As a new mother, you'll experience exhaustion you never thought you could handle, love beyond anything you imagined -- and guilt like you've never known: over working (or not working), over not breastfeeding exclusively, over seeing friends (or ignoring them). But guilt doesn't make you a better mother or your child a happier creature. It's not inevitable, either. Breaking the habit takes effort, but repeating the following mantras is a good way to start.
I'm doing my best. It's easy to go to bed at night thinking of everything you didn't do for your child. Instead, list what you did give her: food, shelter, love, and laughter.
Parenthood isn't a solo sport... at least it shouldn't be. But many mothers try to take sole responsibility for their child's every need. Sharing the burdens -- and the joys -- of new parenthood with Dad, of course, but also with grandparents, relatives, and friends can lighten your load and enrich your child's life.
...and neither is guilt. That's right-your guilt can be fed by others who, in subtle ways, are sowing the seeds of self-doubt. "Associate with people who are on your team," suggests Russell G. Robertson, M.D., an associate professor in the department of family and community medicine at the Medical College of Wisconsin, in Milwaukee. "Ask yourself if the criticism is coming from a person who cares about you or someone who wants to have a pity party together."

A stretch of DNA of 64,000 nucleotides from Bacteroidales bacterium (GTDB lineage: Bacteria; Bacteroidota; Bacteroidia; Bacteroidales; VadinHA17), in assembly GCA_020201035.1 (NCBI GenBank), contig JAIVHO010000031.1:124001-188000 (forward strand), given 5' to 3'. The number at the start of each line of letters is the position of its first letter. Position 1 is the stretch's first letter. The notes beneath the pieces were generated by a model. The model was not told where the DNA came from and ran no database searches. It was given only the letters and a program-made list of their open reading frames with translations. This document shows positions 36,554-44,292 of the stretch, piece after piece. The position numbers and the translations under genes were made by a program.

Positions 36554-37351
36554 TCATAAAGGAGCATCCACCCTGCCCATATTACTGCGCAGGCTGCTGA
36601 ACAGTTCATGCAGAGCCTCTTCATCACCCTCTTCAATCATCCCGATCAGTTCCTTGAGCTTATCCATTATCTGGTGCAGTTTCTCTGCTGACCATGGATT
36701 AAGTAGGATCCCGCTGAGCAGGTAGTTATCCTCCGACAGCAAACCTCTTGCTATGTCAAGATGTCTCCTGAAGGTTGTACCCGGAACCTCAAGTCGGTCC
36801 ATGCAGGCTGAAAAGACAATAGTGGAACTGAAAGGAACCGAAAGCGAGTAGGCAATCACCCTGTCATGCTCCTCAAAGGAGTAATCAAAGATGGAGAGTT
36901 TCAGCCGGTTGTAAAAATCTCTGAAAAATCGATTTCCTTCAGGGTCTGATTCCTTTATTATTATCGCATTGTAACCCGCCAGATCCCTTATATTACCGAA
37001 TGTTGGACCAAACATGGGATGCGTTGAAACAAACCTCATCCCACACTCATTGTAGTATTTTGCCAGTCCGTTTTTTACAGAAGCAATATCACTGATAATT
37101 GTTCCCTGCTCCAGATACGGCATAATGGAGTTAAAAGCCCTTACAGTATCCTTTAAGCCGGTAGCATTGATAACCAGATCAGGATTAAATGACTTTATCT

Nobody gets to have perfect parents. Think of the people you admire. Were they raised by paragons of nurturance -- or did they blossom in the shelter of parents who did their best?
Now look at that baby. If you still have doubts about your parenting skills, gaze into those adoring eyes. Could a baby have become so lovely in the hands of a less-than-stellar mom?